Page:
The antioxidant effects of coenzyme Q10 on albino rat testicular toxicity and apoptosis triggered by bisphenol A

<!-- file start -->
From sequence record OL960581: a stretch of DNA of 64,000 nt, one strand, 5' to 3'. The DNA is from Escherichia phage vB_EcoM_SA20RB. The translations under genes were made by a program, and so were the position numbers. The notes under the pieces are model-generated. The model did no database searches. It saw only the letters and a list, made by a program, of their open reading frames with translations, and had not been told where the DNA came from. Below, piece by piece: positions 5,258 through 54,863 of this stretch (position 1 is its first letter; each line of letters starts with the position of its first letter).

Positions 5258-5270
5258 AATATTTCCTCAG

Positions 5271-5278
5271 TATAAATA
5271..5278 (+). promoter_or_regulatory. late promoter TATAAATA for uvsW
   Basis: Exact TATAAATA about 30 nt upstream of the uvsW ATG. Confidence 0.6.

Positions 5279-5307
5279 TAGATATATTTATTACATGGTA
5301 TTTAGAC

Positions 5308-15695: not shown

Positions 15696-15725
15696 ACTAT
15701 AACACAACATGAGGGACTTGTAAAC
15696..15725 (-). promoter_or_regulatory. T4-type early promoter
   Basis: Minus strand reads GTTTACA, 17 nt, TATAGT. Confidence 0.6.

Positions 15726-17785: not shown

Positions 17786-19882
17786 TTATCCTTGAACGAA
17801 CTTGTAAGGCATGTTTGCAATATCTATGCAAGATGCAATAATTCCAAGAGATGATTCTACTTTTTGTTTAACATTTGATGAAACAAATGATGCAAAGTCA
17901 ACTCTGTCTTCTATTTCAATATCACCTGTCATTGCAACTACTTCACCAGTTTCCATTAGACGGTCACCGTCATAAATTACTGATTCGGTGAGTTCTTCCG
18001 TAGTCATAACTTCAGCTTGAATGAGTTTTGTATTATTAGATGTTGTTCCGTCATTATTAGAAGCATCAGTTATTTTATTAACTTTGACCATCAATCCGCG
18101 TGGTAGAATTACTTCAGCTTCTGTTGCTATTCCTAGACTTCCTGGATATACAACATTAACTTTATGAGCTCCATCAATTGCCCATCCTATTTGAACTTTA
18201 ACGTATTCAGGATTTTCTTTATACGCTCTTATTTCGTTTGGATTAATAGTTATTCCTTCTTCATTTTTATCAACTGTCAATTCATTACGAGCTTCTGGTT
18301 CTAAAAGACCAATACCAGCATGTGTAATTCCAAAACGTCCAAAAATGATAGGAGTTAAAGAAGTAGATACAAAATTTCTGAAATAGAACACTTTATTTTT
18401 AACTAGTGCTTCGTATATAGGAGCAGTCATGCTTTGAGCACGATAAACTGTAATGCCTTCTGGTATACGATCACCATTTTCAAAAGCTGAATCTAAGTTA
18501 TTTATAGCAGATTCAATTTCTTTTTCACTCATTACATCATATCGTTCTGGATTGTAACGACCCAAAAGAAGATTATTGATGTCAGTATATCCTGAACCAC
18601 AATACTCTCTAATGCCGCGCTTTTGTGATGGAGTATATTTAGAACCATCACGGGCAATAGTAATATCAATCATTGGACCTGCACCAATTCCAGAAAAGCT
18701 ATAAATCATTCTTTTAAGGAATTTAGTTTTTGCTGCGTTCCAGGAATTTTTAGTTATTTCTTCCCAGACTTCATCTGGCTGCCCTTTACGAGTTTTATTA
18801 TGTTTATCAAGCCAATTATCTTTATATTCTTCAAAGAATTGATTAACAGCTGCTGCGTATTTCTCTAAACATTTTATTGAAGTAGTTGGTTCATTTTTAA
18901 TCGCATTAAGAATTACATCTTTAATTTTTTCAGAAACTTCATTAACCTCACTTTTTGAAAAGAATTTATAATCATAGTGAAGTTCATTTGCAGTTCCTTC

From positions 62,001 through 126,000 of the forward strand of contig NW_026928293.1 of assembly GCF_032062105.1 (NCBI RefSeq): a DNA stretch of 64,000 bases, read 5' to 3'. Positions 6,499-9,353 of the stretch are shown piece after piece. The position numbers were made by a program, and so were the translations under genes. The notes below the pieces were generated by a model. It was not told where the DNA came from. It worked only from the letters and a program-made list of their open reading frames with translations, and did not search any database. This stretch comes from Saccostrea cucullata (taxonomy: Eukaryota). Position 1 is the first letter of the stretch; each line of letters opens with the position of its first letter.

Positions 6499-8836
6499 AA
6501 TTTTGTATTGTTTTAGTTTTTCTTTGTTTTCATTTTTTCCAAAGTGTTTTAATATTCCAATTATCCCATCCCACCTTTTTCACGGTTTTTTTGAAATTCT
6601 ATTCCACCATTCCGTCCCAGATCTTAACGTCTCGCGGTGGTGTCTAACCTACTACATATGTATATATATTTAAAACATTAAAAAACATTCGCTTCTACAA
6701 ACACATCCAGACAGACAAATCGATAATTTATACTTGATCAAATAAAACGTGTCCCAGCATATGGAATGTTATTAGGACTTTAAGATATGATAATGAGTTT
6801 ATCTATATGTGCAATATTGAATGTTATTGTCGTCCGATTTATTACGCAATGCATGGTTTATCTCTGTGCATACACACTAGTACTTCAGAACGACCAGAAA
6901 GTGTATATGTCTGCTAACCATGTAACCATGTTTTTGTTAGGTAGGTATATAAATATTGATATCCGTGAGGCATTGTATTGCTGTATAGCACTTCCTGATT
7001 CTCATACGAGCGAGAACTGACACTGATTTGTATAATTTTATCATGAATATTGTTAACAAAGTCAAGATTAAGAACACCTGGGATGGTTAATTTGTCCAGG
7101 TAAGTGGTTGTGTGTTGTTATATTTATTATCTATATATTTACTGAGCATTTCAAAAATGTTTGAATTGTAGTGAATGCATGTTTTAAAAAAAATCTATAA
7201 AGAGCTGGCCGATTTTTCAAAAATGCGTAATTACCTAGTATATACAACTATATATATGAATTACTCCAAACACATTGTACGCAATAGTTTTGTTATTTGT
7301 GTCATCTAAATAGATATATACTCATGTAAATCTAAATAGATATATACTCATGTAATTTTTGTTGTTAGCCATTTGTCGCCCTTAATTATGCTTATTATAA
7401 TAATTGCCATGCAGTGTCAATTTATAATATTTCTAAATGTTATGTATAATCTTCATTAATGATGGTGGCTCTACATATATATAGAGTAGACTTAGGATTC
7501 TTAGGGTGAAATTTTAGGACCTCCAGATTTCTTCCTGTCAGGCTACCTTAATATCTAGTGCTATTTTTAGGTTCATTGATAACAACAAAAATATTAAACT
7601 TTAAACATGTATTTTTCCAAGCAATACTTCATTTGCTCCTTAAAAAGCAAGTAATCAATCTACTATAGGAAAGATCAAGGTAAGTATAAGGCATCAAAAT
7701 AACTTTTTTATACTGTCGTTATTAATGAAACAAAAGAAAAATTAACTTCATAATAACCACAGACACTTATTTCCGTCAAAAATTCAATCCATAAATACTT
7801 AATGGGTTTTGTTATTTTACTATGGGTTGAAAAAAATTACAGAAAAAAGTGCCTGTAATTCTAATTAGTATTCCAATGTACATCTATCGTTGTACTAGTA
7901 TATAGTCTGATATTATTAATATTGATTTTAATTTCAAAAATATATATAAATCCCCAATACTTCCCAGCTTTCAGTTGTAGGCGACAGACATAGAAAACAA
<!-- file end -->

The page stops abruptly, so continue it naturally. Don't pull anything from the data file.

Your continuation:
Polycarbonate plastics for packaging and epoxy resins are both made with the industrial chemical bisphenol A (BPA). This investigation looked at the histological structure, antioxidant enzymes, and albino rats’ testis to determine how coenzyme Q10 (CoQ10) impacts BPA toxicity. For the experiments, three sets of 18 male adult rats were created: group 1 received no therapy, group 2 acquired BPA, and group 3 got the daily BPA treatment accompanied by coenzyme Q10, 1 h apart. The experimental period ran for 14 days. The biochemical biomarkers catalase (CAT), superoxide dismutase (SOD), and malondialdehyde (MDA) were altered as a result of BPA exposure. The testicular histological architecture, which is made up of apoptosis, was also exaggerated. Furthermore, rats given BPA and CoQ10 treatment may experience a diminution in these negative BPA effects. These protective properties of CoQ10 may be correlated with the ability to eliminate oxidizing substances that can harm living species. The outcomes might support the hypothesis that CoQ10 prevented oxidative damage and boosted rats’ stress responses when BPA was introduced. Thus, by shielding mammals from oxidative stress, CoQ10 aids in the growth and development of the animals. BPA is extremely hazardous to humans and can persist in tissues. Human reproductive functions are a worry due to human exposure to BPA, especially for occupational workers who are typically exposed to higher doses of BPA. As a result, in order to reduce the health risks, BPA usage must be minimized across a diverse range of industries, and improper plastic container handling must be prohibited. By giving CoQ10 to patients, BPA’s harmful effects on reproductive structures and functions may be avoided.